"Winter Swans" is a poem by contemporary British poet Owen Sheers. The premise of the poem is relatively straightforward: a couple who are having difficulties in their relationship go for a walk. It's been raining for days, seemingly reflecting the mood between the two people. While on their walk, the couple encounter some swans on a lake. The beauty and majesty of these swans gently remind the couple of the importance of their love, and by the poem's close, they are holding hands. Sheers's poems are often set in similar natural environments, and he is the anthologist behind A Poet's Guide to Britain—which groups together other nature poems along with some based in cities as well.
The clouds had ...
... at our feet
as we skirted ...
... tipping in unison.
As if rolling ...
... in rough weather.
'They mate for ...
... the stilling water.
I didn't reply ...
... distance between us
and folded, one ...
... settling after flight.
Select any word below to get its definition in the context of the poem. The words are listed in the order in which they appear in the poem.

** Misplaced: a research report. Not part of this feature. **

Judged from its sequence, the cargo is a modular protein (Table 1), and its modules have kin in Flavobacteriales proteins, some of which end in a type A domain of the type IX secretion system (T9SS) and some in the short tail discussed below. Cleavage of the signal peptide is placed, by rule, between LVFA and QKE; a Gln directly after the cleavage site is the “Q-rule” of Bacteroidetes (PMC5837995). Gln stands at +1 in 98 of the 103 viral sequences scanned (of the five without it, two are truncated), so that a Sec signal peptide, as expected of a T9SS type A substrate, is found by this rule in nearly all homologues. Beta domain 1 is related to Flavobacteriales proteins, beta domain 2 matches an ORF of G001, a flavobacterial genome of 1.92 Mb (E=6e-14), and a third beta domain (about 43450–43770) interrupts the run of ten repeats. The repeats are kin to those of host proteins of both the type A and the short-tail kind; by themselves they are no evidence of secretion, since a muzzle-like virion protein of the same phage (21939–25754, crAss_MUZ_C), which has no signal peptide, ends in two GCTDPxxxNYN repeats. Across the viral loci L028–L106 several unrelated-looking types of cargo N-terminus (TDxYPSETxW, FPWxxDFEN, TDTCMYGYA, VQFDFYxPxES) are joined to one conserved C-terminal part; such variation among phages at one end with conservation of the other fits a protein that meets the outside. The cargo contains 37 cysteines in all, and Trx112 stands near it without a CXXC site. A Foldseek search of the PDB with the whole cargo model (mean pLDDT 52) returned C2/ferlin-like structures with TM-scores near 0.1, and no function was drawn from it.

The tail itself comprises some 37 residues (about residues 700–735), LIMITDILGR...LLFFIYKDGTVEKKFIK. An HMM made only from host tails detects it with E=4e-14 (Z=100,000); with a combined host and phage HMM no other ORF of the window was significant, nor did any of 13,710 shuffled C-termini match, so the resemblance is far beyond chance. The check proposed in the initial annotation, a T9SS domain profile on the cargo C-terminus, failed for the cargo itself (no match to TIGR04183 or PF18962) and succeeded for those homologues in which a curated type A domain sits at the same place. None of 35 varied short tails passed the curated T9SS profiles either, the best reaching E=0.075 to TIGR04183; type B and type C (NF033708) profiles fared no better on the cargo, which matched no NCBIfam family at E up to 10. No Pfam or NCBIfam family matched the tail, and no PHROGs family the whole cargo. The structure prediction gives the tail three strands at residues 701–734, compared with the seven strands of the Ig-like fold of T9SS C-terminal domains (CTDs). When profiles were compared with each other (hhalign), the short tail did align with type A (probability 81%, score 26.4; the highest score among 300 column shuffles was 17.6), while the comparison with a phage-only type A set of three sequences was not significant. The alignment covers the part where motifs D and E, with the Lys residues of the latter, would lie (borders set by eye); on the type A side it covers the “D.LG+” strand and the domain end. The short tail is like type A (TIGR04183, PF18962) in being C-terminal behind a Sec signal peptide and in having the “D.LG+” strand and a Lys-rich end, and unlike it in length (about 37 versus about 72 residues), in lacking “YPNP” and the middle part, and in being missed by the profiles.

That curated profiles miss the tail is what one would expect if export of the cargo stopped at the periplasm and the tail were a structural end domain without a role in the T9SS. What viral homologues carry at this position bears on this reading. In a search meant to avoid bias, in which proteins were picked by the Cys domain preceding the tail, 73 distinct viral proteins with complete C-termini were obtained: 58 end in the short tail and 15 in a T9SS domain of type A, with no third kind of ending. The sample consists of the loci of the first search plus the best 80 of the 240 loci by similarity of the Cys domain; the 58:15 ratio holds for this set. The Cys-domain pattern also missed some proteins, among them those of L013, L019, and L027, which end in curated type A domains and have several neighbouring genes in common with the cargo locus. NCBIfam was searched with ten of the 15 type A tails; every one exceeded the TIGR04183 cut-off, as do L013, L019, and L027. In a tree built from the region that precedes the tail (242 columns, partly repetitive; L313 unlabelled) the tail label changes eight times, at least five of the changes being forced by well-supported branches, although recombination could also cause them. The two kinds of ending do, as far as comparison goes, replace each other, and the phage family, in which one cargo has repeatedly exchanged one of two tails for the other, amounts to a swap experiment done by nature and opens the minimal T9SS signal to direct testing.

An Interview with Owen Sheers — Owen Sheers answers question in a piece produced by the Welsh Joint Education Committee.
"The Wild Swans at Coole," by W.B. Yeats — A poem that features swans by one of the 20th century's most famous Irish poets, William Butler Yeats.
More Poems by Sheers — A valuable resource containing other poems by Sheers—and recordings.
Swans Themselves — A BBC article that looks at the history—and some of the myths—relating to swans.
"Why The Swan," by Andrew Lambeth — Another contemporary poem in which swans play an important role.
1The clouds had given their all -
2two days of rain and then a break
3in which we walked,
4the waterlogged earth
5gulping for breath at our feet
6as we skirted the lake, silent and apart,
7until the swans came and stopped us
8with a show of tipping in unison.
9As if rolling weights down their bodies to their heads
10they halved themselves in the dark water,
11icebergs of white feather, paused before returning again
12like boats righting in rough weather.
13'They mate for life' you said as they left,
14porcelain over the stilling water. I didn't reply
15but as we moved on through the afternoon light,
16slow-stepping in the lake's shingle and sand,
17I noticed our hands, that had, somehow,
18swum the distance between us
19and folded, one over the other,
20like a pair of wings settling after flight.